For the implementation of these principles the ACH was joined by the Association for Literary and Linguistic Computing (ALLC) and the Association for Computational Linguistics (ACL). Together they established the Text Encoding Initiative (TEI) whose mission it was to develop the “Poughkeepsie Principles” into workable text-encoding guidelines. The Text Encoding Initiative very soon came to adopt SGML, published a year before as ISO standard, as its framework. Initial funding was provided by the US National Endowment for the Humanities, Directorate General XIII of the Commission of the European Communities, the Canadian Social Science and Humanities Research Council, and the Andrew W. Mellon Foundation.

6.2. TEI P1 and TEI P2

From the Poughkeepsie Principles the TEI concluded that the TEI Guidelines should:

  • Provide a standard format for data interchange;
  • Provide guidance for encoding of texts in this format;
  • Support the encoding of all kinds of features of all kinds of texts studied by researchers;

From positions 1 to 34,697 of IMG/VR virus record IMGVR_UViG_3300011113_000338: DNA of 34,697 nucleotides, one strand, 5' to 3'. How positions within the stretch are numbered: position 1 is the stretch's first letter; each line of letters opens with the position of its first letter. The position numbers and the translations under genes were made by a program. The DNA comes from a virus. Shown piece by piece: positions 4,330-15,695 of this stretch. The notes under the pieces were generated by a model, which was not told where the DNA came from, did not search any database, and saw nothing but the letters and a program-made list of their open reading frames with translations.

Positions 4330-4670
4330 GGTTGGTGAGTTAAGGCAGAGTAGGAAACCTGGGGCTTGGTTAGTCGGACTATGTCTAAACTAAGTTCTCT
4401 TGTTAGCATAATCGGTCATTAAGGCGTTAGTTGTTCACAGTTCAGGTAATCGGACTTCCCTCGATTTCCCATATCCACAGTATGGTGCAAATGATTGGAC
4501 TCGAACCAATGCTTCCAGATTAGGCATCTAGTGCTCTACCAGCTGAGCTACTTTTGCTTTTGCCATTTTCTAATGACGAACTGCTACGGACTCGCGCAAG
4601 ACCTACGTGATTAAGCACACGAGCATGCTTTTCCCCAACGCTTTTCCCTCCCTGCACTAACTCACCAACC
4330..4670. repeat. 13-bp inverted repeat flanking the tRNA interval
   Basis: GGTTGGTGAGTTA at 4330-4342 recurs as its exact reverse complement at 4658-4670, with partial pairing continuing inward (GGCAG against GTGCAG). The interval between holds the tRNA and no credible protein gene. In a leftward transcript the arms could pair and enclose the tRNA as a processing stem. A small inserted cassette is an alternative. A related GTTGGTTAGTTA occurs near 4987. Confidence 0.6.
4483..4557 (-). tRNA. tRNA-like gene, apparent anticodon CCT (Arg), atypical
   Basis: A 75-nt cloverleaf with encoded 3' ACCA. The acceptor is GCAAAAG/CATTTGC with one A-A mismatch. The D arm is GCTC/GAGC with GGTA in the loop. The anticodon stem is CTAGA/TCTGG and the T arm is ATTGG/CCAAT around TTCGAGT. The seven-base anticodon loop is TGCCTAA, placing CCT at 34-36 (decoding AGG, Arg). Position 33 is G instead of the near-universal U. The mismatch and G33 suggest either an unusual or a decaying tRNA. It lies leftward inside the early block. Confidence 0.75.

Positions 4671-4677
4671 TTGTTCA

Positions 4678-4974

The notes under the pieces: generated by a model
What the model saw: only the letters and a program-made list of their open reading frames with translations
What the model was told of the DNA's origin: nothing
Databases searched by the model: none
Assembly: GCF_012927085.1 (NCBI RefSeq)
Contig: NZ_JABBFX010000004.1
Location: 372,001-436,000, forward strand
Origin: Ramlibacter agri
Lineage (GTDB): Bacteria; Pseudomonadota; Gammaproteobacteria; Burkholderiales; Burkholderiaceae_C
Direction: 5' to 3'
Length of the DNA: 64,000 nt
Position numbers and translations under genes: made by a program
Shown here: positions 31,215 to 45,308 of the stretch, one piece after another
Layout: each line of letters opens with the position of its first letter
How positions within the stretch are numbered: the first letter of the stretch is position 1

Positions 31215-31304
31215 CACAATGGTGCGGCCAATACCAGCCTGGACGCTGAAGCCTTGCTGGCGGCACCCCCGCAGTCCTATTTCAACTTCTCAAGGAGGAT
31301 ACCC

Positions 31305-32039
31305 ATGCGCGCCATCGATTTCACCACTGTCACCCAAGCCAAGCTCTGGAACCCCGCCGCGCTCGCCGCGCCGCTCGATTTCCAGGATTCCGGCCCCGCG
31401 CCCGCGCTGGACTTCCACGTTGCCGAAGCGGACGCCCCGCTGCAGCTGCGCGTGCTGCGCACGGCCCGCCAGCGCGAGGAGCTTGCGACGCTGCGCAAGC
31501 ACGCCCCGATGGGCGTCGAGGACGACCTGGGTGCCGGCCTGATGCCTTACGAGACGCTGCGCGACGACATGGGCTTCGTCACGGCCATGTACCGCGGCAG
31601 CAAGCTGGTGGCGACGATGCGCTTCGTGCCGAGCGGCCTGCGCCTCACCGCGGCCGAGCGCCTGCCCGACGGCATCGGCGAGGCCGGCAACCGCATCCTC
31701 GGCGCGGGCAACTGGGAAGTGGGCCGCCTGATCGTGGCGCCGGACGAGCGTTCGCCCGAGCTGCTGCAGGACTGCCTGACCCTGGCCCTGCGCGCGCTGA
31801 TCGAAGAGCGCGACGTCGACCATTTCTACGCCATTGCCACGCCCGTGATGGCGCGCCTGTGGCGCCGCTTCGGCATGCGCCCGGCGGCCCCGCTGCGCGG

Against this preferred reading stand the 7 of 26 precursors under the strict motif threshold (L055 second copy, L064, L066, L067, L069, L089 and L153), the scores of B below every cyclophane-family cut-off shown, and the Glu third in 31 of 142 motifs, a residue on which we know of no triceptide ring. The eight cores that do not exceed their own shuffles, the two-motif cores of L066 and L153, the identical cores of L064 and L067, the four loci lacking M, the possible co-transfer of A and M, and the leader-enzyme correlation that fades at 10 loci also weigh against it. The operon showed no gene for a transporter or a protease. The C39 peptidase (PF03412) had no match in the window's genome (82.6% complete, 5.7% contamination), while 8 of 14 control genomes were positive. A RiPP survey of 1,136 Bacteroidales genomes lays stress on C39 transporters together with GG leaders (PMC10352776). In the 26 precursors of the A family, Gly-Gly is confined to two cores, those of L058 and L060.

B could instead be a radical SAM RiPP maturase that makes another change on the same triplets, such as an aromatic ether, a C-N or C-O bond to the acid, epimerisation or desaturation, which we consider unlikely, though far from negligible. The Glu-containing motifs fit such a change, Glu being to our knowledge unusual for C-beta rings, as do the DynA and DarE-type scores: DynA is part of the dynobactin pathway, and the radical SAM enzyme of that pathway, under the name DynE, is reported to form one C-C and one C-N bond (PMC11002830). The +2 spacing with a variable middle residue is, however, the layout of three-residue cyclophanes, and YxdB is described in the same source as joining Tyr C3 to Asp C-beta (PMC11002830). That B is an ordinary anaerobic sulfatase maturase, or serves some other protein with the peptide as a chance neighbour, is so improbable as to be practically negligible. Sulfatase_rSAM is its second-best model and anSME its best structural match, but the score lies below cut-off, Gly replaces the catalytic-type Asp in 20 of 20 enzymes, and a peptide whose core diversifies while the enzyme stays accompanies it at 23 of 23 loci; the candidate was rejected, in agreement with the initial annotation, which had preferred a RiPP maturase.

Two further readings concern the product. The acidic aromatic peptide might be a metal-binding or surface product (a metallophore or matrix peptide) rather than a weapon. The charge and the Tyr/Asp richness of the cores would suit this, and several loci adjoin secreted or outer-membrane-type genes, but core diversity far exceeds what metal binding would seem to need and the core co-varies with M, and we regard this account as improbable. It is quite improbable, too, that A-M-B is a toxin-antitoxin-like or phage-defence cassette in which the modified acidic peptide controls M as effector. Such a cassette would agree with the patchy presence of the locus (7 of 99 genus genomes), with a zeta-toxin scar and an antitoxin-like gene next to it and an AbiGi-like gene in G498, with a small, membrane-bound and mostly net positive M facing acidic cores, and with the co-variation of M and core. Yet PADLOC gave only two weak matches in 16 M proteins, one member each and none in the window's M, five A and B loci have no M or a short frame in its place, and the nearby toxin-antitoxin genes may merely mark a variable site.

• Allow the rigorous definition and efficient processing of texts;
  • Provide for user-defined extensions;
  • Be application independent;
  • Be simple, clear, and concrete;
  • Be simple for researchers to use without specialized software.

A Steering Committee consisting of representatives of the ACH, the ACL, and the ALLC appointed Michael Sperberg-McQueen as editor-in-chief and Lou Burnard as European editor of the Guidelines.

The first public proposal for the TEI Guidelines was published in July 1990 under the title Guidelines for the Encoding and Interchange of Machine-Readable Texts with the TEI document number TEI P1 (for “Proposal 1”). This version was reprinted with minor changes and corrections, as version 1.1 in November 1990 (Sperberg-McQueen and Burnard 1990). Further development of the TEI Guidelines was done by four Working Committees (Text Documentation, Text Representation, Text Analysis and Interpretation, Metalanguage and Syntax) and a number of specialist Working Groups amongst which groups on character sets, text criticism, hypertext and hypermedia, formulæ, tables, figures, and graphics, language corpora, manuscripts and codicology, verse, drama and performance texts, literary prose, linguistic description, spoken text, literary studies, historical studies, print dictionaries, machine lexica, and terminological data. The extensions and revisions resulting from this work, together with extensive public comment resulted in the drafting of a revised version, TEI P2, that was released chapter by chapter between March 1992 and the end of 1993 (Sperberg-McQueen and Burnard 1993) and that included substantial amounts of new material.

6.3. TEI P3